Circular economy in comparison provides several benefits: Improved security of the supply of raw materials, significant industry de-carbonisation through reduction of CO2 emissions , as well as the potential to stimulate innovation and competitiveness by increasing the EU’s GDP by an additional 0.5 % and creating around 700 000 new jobs in EU alone by 2030.
Seven Pillars of the Circular Economy
SoTecIn Factory partner Metabolic has worked on further facilitating holistic understanding of circularity, through their ‘Seven Pillars of the Circular Economy” framework, which captures different areas that we must simultaneously consider when assessing whether certain activities are genuinely circular, from high value material preservation, to protecting global biodiversity and enhancing human well-being.
To ease the process of connecting external audience to our circular products based on the said pillars, we must also have in mind three additional properties that these products have to possess which are:
- Equity – the product, for instance, should be be affordable enough to actually be distributed throughout the system.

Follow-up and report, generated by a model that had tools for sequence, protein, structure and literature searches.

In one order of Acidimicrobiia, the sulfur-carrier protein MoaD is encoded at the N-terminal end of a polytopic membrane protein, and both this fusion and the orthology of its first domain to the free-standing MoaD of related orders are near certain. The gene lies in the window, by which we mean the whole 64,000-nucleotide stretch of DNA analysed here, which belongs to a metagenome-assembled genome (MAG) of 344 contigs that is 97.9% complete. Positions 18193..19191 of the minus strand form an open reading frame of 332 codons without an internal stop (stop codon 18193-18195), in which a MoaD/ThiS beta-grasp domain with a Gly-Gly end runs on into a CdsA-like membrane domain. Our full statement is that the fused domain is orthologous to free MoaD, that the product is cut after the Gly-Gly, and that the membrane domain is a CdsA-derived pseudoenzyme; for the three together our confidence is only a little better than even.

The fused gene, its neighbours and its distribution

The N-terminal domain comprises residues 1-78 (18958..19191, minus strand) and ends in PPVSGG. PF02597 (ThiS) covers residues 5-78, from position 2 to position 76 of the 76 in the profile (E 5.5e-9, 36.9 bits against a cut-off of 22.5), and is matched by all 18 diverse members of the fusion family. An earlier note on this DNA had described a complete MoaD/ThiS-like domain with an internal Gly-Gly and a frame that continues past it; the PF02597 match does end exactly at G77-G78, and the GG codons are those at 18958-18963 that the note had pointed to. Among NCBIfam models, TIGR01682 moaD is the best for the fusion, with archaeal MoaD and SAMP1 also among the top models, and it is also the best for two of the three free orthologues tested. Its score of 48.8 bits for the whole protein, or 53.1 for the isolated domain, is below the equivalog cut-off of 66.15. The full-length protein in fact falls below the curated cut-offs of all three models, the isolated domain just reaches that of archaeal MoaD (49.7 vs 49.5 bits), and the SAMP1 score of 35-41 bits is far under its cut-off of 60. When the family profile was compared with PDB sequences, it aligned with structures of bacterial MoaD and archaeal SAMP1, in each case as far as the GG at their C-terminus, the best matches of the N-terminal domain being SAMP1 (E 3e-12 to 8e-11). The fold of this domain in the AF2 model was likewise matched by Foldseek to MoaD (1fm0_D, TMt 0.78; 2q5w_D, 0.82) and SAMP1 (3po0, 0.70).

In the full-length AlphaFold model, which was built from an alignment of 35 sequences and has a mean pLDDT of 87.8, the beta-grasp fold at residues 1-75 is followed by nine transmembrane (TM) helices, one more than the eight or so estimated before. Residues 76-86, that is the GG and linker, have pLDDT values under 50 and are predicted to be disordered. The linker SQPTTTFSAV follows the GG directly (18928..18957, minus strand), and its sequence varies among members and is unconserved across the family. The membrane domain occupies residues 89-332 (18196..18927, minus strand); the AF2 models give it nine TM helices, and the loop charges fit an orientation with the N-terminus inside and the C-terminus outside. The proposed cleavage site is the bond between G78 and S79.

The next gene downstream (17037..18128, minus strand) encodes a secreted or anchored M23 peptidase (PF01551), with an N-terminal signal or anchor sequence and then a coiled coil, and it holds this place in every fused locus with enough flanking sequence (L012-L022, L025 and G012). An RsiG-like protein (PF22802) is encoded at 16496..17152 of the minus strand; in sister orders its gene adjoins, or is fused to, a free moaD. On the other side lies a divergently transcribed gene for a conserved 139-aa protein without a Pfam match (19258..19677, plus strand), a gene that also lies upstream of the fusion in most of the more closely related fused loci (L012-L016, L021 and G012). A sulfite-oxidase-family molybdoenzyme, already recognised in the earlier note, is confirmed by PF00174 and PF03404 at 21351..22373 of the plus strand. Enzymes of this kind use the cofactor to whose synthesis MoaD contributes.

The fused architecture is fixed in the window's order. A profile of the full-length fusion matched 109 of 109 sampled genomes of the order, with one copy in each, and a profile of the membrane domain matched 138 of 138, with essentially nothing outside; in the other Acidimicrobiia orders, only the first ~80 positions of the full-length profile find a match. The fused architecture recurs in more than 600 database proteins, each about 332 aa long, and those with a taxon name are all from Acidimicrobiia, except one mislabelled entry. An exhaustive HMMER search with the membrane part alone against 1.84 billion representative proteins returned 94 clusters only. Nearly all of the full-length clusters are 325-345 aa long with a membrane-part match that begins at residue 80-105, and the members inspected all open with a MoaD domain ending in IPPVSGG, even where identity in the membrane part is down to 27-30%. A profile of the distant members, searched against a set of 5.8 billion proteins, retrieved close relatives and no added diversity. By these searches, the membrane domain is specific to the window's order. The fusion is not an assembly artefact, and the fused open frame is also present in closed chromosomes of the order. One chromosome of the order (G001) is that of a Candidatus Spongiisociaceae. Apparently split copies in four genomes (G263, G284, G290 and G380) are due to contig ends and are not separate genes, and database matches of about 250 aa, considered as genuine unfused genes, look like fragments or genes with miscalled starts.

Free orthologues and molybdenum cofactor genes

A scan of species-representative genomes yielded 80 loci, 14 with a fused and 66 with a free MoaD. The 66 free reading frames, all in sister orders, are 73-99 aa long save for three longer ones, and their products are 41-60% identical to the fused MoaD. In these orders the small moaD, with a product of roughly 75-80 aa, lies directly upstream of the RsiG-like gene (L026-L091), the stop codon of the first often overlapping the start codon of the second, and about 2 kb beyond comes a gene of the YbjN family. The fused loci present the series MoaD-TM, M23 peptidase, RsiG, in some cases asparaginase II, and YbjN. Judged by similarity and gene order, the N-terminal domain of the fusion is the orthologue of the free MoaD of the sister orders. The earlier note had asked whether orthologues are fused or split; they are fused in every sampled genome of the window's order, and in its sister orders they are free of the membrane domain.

- Transparency – the ability track and trace the materials used in the product development
- Resilience – making sure that there is a lot of knowledge transmission around how it works, and how it is supposed to be disassembled.
Ways to achieve circular economy – Higher “R” strategies
Despite continuous advancements and new initiatives, the concept of full circularity is still very hard to achieve. It is especially challenging to retain the producing components close to their original level of utility. Nevertheless, industry experts have developed different resource management techniques over the years by deploying the framework of several circularity strategies aimed at achieving the infinite production loop of using as few new resources as possible, with highest possible value.